Set in a rundown off-campus college apartment, shared by two roommates, that turns into a campsite straight out of a classic Hollywood western, complete with its own Walter Brennan like camp cook, “Goin’ West” is a 21st century cross-country adventure of the imagination reminiscent of the original western migration and settlement of America.
At the heart of the action is an abandoned school bus and one characters’ spontaneous drive to go get it for the purpose of starting a traveling theater troupe that the two roommates have been dreaming about. “Gold, it’s just like gold. Yellow and buried. That could be our new home.” Both real and imaginary, the school bus haunts the other roommate, who once lived in it, and who wants nothing to do with the recovery adventure and it’s connection to the past. “Yeah well, it might be yellow and buried but it ain’t going to be shining, I can tell you that.”
The struggle that ensues between the two roommates as to whether they should be studying or quitting college and “Goin West” is both profound and wildly comic as the mythical camp cook emerges from the celluloid past to keep the peace between the two headstrong leaders. Unearthed along the trail, as the roommates fight to determine whether to stay or go, are the thorny issues of student debt and the value of education, literature versus storytelling, the catastrophic clash between Native American and Anglo culture, the power of dreams and the question of what the ideal of “America” really means. In the words of Langston Hughes: “Oh let America be again. The land that has never been and yet must be.”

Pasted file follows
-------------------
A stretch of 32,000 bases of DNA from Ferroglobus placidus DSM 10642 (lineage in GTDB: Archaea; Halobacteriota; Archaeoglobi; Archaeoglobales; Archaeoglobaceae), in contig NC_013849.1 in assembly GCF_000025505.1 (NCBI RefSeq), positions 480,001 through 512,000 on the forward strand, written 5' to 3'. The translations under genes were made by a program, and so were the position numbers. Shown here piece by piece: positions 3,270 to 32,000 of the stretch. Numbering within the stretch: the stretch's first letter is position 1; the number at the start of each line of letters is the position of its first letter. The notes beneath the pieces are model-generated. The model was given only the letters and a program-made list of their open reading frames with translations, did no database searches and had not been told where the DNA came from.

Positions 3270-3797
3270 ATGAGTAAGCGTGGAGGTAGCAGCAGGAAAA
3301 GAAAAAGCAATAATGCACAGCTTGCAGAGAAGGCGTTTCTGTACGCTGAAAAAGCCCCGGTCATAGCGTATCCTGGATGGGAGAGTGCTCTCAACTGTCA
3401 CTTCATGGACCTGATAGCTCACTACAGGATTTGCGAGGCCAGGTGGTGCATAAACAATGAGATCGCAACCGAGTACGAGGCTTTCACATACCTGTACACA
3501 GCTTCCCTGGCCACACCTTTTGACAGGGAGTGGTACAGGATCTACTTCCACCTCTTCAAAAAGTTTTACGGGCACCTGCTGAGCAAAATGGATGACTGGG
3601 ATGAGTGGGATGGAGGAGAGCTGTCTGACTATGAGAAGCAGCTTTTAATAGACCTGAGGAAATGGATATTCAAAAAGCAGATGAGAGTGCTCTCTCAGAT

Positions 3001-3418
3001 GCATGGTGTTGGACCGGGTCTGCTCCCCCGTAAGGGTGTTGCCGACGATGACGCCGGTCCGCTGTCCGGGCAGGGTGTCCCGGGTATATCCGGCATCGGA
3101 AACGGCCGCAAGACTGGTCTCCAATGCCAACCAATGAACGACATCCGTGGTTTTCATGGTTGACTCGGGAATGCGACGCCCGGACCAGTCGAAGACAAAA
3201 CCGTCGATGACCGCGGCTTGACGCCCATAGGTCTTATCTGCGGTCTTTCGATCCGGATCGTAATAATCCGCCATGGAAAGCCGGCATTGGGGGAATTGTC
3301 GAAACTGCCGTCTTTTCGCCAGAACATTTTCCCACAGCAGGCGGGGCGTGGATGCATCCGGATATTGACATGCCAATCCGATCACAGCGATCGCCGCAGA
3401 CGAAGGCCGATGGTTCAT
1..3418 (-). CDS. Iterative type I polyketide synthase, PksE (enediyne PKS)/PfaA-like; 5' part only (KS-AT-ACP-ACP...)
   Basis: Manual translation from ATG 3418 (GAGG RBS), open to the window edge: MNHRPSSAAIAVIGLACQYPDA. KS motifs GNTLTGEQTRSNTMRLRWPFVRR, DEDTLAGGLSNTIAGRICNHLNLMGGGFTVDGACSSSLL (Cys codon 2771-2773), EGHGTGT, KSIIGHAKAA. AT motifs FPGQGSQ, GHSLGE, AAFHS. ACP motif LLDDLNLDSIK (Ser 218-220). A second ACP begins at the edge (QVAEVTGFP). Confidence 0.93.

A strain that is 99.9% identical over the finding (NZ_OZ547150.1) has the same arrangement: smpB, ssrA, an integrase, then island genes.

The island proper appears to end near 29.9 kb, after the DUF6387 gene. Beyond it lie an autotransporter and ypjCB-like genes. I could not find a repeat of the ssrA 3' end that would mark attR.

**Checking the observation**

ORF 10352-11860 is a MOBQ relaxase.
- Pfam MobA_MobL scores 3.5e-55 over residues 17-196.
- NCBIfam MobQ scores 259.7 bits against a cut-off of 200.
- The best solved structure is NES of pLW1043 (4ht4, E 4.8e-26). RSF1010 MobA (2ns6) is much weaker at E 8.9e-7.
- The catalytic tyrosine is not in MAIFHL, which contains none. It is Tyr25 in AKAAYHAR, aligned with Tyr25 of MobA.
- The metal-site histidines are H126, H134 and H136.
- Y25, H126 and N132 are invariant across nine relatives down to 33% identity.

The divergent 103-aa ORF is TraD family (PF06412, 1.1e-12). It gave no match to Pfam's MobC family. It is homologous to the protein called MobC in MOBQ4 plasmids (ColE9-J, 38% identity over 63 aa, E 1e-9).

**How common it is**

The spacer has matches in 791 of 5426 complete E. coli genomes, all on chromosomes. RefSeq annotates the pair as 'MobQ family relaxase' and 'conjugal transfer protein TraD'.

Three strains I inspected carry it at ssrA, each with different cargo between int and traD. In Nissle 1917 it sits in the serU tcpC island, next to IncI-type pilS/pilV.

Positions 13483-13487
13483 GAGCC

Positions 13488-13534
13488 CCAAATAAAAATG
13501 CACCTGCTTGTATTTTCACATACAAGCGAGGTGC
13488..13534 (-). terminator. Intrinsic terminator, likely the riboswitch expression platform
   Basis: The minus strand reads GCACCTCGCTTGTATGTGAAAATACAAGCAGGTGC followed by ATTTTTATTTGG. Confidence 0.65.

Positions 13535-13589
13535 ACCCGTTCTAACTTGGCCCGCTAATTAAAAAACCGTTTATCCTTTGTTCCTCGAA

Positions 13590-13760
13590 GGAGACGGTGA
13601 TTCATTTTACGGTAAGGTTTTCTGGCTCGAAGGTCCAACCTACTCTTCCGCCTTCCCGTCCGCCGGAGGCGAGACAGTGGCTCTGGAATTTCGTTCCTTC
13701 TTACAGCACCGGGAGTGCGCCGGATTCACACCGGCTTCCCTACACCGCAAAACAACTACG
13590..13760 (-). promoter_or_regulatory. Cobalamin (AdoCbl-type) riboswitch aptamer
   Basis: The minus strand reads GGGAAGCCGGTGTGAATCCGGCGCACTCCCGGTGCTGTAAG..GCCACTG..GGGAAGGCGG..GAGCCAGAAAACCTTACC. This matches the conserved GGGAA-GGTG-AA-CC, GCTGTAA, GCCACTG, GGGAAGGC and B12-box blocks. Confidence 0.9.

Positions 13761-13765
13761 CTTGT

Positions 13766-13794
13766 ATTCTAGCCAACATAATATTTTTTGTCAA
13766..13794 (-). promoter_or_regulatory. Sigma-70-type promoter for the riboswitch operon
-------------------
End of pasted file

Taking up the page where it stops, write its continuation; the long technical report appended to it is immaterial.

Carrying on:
Experiments Play Reading Series
Now accepting submissions! For the 23rd season of La MaMa Experiments we will focus on theatrical works in progress addressing mental health issues. No one is more familiar with the need to create greater access to mental healthcare than our New York audience, who come face to face with this crisis on a daily basis. After 3 years of a global pandemic, all of us are feeling the upsurge of anxiety and depression, but these trends have been on the rise long before Covid-19. The works this season shed light on important, personal stories and deal with this subject matter in many different and unique ways. From tongue in cheek comedies to absurdist tragedies, Experiments hopes to create a season that will destigmaify, enlighten and, yes, even entertain.